By Gerry Stewart

He said he was Bernie from the Black Cats and lived over the Monkey Shop a hop, skip, and jump from Penny Lane and was I interested in playing horn with the band.

I asked how he knew I was learning sax and he replied he met a guy in the pub who said the whole neighborhood was complaining about some bloke practicing scales night and day. Well, I was in a hurry to emulate sax man Rudy Pompilli of Rock Around the Clock fame. When you’re seventeen, you’re in a mighty hurry to get where you’re going fast - at least before you’re twenty something and over the hill.

A wise music tutor saved my musical career by answering my dumb question; “Can I master this piece of plumbing in six months?” with “A smart kid like yourself should ace it in three months”. Hmm, several decades later I’m still learning where all the faucets and shutoffs are.

So big, bluff, bearded Bernie - singer, guitarist and raconteur, who lived over the pet store specializing in monkeys, hired me as a Black Cat.
One of the first Liverpool rock and roll bands the Black Cats teemed up with was Rory Storm and the Hurricanes when Richard Starkey (Ringo Starr) was the drummer.
At that time most club dates featured two or three bands a night, which meant rushing from club to club in different towns, dragging instruments, amplifiers and huge speaker cabinets as large as wardrobes up and down staircases into basement clubs and second floor venues. Now that I think of it, I don’t believe we ever played on the ground floor. I guess that’s why lots of guitar players went on to careers as wrestlers and their girlfriends as piano movers.

Down one such dingy staircase was the now famous Cavern Club, where the Beatles got their start.
We first gigged there with the Beatles on Wed 23rd August 1961. Later we shared the stage with Gerry Marsden and the Pacemakers, The Swinging Bluejeans, Billy J. Kramer, Cilla Black, Brian Giffith’s Big Three, The Merseybeats, Freddie Starr and other Liverpool notables.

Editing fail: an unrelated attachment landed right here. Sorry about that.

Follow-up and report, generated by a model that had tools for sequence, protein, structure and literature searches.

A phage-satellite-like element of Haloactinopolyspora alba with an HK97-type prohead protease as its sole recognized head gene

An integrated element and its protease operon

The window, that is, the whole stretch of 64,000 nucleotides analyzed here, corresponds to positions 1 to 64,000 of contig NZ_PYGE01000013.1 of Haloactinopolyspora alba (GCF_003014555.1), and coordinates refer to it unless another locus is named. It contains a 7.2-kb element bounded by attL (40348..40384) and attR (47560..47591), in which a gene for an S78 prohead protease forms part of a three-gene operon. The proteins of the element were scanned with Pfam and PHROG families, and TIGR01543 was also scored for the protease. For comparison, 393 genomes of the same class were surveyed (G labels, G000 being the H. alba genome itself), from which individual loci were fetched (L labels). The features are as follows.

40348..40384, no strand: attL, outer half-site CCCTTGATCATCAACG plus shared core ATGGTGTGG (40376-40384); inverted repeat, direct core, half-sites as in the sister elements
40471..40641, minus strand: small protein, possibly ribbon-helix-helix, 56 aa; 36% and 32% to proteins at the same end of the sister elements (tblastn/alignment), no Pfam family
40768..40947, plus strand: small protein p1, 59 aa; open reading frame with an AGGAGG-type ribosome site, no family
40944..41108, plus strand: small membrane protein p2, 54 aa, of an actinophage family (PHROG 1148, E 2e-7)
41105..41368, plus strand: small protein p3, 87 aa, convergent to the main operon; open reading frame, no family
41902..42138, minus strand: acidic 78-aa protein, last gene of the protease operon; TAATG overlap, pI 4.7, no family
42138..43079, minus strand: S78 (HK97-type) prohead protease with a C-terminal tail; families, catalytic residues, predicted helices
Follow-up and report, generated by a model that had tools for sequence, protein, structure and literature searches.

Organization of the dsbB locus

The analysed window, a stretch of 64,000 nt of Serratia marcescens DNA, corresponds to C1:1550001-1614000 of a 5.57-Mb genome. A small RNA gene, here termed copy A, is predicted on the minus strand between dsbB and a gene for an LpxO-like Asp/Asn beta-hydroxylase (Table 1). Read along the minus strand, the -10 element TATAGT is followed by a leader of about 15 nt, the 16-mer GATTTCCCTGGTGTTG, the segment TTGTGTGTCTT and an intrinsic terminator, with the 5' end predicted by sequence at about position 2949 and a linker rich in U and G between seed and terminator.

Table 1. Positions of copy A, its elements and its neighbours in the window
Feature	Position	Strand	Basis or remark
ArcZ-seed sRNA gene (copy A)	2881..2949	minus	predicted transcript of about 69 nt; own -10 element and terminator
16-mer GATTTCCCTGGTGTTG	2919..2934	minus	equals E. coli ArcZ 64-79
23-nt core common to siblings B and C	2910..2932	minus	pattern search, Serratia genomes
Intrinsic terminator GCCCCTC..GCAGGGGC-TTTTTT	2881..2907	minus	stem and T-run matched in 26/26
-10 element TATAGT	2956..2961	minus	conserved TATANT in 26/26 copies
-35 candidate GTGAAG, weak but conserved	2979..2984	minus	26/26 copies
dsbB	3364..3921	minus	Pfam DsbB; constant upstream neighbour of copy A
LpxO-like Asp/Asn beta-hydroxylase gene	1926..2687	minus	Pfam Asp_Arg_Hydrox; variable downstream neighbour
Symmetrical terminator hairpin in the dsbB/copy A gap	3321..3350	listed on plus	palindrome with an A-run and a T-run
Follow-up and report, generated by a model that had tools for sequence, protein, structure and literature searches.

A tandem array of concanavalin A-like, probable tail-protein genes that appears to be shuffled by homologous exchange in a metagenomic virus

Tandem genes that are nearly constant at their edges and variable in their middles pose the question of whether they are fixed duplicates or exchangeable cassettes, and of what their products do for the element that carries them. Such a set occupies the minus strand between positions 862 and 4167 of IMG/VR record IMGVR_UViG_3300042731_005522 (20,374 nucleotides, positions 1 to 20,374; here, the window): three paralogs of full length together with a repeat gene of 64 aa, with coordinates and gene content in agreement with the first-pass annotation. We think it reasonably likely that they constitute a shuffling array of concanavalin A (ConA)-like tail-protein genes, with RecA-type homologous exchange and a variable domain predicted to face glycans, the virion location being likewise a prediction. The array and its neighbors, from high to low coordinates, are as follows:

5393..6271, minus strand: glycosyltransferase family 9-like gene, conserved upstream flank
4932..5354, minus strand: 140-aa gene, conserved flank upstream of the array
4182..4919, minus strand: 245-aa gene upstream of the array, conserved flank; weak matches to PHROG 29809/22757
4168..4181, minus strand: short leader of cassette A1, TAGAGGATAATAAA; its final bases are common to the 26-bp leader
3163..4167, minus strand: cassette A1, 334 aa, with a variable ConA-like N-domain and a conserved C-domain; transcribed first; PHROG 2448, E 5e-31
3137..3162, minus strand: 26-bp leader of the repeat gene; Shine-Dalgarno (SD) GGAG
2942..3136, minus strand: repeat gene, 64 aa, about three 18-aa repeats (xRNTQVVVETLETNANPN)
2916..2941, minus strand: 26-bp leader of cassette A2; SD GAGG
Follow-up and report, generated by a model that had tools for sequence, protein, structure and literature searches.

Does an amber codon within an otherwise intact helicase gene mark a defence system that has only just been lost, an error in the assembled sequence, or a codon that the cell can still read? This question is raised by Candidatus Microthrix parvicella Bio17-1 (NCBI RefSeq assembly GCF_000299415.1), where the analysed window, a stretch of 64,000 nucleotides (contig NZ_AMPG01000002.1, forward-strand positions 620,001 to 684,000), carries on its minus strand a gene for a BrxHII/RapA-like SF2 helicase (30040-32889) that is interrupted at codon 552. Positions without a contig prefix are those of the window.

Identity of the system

In 1958 Liverpool and nearby towns: Ormskirk, Southport, Chester, Warrington and Birkenhead were alive with dance halls, nightclubs, pubs, bars, and restaurants.
Anywhere you could tuck a zit faced Elvis, Duane Eddy, Freddy Cannon, Bill Hailey or Everly Brother wannebee, there was music - that is music after a fashion - if nothing else there was unbridled enthusiasm.
You had to be a wooden solder not to join in the fun, and join in the audience did.

Surrounding each stage, gaggles of squealing girls and howling guys greeted each song like an anthem from above. Tons of teenagers tracked the bands from club to club generating their own carnival atmosphere in a cavalcade of beat up vans, broken cars and motorcycles.
They careened from gig to gig, all without the attention of emission standards, statutory vehicle check ups, seatbelts, airbags or alcohol laws. It’s a wonder anyone survived at all. But survive people did in an orgy of release from the post war deprivations and shortages of everything because anything of value in Britain was exported including London Bridge – cor blimey.

It rained every Sunday, church bells mourned all day and it was illegal to kick a soccer ball. We were fed a strict cold diet of lumpy porridge and black and white movies depicting a Victorian England peopled by tailors dummies dressed in pinstriped suits, bowler hats, walking as if they were clenching a bus ticket between the cheeks of their bottoms.
Even funnier, they contrived to speak as if they had a mouth full of prunes, unless of course they went to Cambridge U and learnt to spy, lisp, and mispronounce the letter R - some even survived this and became top flight comedians.

These were exciting times - revolt was in the air. A repressed nation expressed itself.
John Osborne opened the floodgates with his groundbreaking play Look Back In Anger; John Braine’s gritty novel Room At The Top was made into a film and the leading man Lawrence Harvey used a Northern working class accent which was ‘un’eard of’ in the those far off days.